Internal Revenue Bulletin2000-40, dated October 2, 2000 (advance copy).
 
 



This Summary, which draws from a wide range of sources, endeavors to condense important investment management regulatory news of the preceding week into one, easily digestible source. This Summary is not intended as legal advice. Readers should not act upon information contained in this Summary without professional legal counsel. This Summary may be considered advertising under the rules of the Supreme Judicial Court of Massachusetts.

IRS CIRCULAR 230 DISCLOSURE:
To ensure compliance with requirements imposed by the IRS, we inform you that any U.S. tax advice contained in this communication (including any attachments) is not intended or written to be used, and cannot be used, for the purpose of (i) avoiding penalties under the Internal Revenue Code or (ii) promoting, marketing or recommending to another party any transaction or matter addressed herein.

District Court Relies on Special Committee in Dismissing Derivative Suit Against Adviser and Directors

September 25, 2000 10:13 AM

The U.S. District Court for the Southern District of New York recently decided that a special litigation committee properly recommended dismissal of a shareholder's derivative claims against a mutual fund's investment adviser, its directors, and other defendants associated with a failed rights offering. The court found no reason to upset the committee's decision that the continued prosecution of the derivative action was not in the best interest of the fund or its shareholders.

The plaintiff filed suit in 1997 against the fund, its investment adviser, and various individual defendants, claiming they violated certain provisions of the Investment Company Act of 1940 (the "1940 Act") and breached fiduciary obligations in connection with a 1996 rights offering. In the offering, the fund's existing shareholders were given the opportunity to purchase additional newly issued fund shares at a discount from market value. The plaintiff contended that the offering constituted a breach of duty by the adviser and the fund's directors because the offering:

  • diluted shareholders' investments,
  • imposed undue transaction costs on the fund, and
  • was motived by a desire to increase the advisory fees rather than to benefit shareholders.

The court previously dismissed the plaintiff's class claims, but rejected motions to dismiss the derivative suit and allegations of control person liability under the 1940 Act. Specifically, the, the remaining claims included:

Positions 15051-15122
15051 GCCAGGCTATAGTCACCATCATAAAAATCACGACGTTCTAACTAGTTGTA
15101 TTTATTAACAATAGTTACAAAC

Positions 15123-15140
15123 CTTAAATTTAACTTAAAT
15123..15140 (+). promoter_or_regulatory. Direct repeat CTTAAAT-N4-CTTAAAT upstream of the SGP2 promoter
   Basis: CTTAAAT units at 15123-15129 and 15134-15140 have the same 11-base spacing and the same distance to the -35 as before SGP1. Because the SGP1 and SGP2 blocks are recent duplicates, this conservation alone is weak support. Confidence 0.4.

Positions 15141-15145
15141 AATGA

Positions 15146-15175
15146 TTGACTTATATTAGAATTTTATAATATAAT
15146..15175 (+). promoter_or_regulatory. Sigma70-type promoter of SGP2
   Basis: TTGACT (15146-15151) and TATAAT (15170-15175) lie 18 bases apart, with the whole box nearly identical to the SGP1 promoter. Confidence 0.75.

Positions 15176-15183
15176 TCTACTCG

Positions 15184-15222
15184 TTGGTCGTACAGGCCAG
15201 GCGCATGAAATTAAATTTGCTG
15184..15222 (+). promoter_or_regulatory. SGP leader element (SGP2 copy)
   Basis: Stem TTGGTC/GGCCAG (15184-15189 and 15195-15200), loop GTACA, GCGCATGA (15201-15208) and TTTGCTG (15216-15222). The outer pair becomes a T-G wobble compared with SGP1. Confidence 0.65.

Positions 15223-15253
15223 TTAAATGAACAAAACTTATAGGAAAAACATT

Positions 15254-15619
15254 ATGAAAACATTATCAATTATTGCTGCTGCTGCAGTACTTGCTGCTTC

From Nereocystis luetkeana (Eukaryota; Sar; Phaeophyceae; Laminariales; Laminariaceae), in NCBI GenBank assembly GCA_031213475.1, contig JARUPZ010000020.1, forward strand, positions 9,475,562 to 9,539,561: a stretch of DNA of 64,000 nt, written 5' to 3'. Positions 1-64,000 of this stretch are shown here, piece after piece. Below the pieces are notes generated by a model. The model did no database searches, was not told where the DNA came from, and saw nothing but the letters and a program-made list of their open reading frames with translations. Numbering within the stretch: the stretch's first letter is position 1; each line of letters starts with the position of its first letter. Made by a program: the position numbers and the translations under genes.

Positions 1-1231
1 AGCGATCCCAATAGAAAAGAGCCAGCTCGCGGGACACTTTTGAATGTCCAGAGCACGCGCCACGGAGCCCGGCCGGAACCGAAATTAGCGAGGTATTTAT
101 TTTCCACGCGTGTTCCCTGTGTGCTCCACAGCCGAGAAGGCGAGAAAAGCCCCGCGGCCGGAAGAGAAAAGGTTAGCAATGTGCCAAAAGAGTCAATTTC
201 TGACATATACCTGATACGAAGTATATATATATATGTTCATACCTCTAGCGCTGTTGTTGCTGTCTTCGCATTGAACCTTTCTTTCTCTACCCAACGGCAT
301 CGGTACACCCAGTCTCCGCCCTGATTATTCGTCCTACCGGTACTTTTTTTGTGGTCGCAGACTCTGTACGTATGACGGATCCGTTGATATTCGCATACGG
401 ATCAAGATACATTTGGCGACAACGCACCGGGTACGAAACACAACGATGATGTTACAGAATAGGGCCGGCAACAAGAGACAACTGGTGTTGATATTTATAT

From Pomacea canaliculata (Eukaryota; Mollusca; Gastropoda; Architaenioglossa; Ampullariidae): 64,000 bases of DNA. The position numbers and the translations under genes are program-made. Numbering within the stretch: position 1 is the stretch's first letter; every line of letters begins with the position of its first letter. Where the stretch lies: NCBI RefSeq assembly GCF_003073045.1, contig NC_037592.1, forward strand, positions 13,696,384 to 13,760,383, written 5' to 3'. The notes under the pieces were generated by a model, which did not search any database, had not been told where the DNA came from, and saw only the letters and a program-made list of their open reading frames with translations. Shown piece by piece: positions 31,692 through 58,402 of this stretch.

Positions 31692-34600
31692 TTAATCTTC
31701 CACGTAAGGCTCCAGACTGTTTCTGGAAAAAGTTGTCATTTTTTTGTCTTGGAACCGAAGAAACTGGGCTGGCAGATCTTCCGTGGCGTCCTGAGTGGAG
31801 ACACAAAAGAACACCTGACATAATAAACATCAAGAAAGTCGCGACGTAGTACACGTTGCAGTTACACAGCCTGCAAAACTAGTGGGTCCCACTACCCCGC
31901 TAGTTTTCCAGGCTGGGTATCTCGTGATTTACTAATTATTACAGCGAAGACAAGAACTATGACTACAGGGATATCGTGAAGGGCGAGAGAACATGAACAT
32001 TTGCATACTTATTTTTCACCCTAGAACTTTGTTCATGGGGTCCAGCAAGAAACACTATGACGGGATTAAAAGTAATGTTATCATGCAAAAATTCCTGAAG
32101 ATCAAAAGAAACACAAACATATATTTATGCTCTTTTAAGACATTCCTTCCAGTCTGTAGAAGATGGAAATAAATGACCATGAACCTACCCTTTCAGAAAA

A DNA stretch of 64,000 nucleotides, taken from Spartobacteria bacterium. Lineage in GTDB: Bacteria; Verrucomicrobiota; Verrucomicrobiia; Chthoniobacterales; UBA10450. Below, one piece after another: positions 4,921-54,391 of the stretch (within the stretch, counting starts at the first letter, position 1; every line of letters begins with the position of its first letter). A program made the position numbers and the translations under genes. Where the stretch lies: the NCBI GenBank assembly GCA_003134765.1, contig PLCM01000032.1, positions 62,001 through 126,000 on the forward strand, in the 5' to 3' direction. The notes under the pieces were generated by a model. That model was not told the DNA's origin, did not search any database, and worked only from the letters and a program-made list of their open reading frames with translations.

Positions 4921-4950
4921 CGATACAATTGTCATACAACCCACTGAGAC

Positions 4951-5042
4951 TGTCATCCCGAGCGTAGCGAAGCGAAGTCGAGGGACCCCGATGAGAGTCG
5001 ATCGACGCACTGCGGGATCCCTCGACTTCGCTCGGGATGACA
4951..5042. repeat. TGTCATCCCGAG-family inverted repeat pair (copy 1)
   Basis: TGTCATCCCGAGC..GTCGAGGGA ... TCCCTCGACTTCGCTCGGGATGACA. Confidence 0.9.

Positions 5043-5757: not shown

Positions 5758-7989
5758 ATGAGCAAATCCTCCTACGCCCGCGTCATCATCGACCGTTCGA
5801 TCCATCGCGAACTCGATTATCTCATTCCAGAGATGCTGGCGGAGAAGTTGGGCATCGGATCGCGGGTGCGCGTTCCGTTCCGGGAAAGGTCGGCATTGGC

• breach of fiduciary duty against all defendants under Section 36(a) of the 1940 Act and Maryland common law, and
  • control person liability under Section 48(a) of the 1940 Act

Granting the defendants' motion to terminate the derivative action, the court explained that a special litigation committee has the power to terminate a derivative action to the extent allowed by the state of incorporation (in this case, the fund was incorporated in Maryland). According to the court, in Maryland, a committee of disinterested and independent directors may move to terminate a pending shareholder derivative suit that the committee determines in good faith to be contrary to the corporation's best interests.

The fund's board created the committee in May to consider the charges raised in the complaint and to review the facts underlying the allegations. After reviewing numerous documents and interviewing 11 witnesses over approximately a six-month period, the committee determined that there was no evidence to support plaintiff's allegations, and that dismissal of the action would best serve the interests of the fund and its shareholders. Concurring in this view, the court found that the defendants met their burden of showing that:

  • the committee was independent;
  • the investigation was conducted in good faith; and
  • the committee had a reasonable basis for its decision.

In addition, the court found no basis on the grounds of business judgment to permit this action to go forward. The court noted that the committee's mandate was not to judge the performance of the rights offering in hindsight, but rather to assess whether, at the time it was conceived and implemented, the defendants "made an informed and reasonable market forecast based on diligent investigation that reasonably appeared to further the shareholders' best interest." The court concluded that the findings and conclusions of the committee had been made independently, reasonably and in good faith, and, that the stockholder grievance did not merit further consideration in the corporation's interest. Strougo v. Bassini, S.D.N.Y., 99 Civ. 3579 (RWS), (September 8, 2000).

 
 



This Summary, which draws from a wide range of sources, endeavors to condense important investment management regulatory news of the preceding week into one, easily digestible source. This Summary is not intended as legal advice. Readers should not act upon information contained in this Summary without professional legal counsel. This Summary may be considered advertising under the rules of the Supreme Judicial Court of Massachusetts.

IRS CIRCULAR 230 DISCLOSURE:
To ensure compliance with requirements imposed by the IRS, we inform you that any U.S. tax advice contained in this communication (including any attachments) is not intended or written to be used, and cannot be used, for the purpose of (i) avoiding penalties under the Internal Revenue Code or (ii) promoting, marketing or recommending to another party any transaction or matter addressed herein.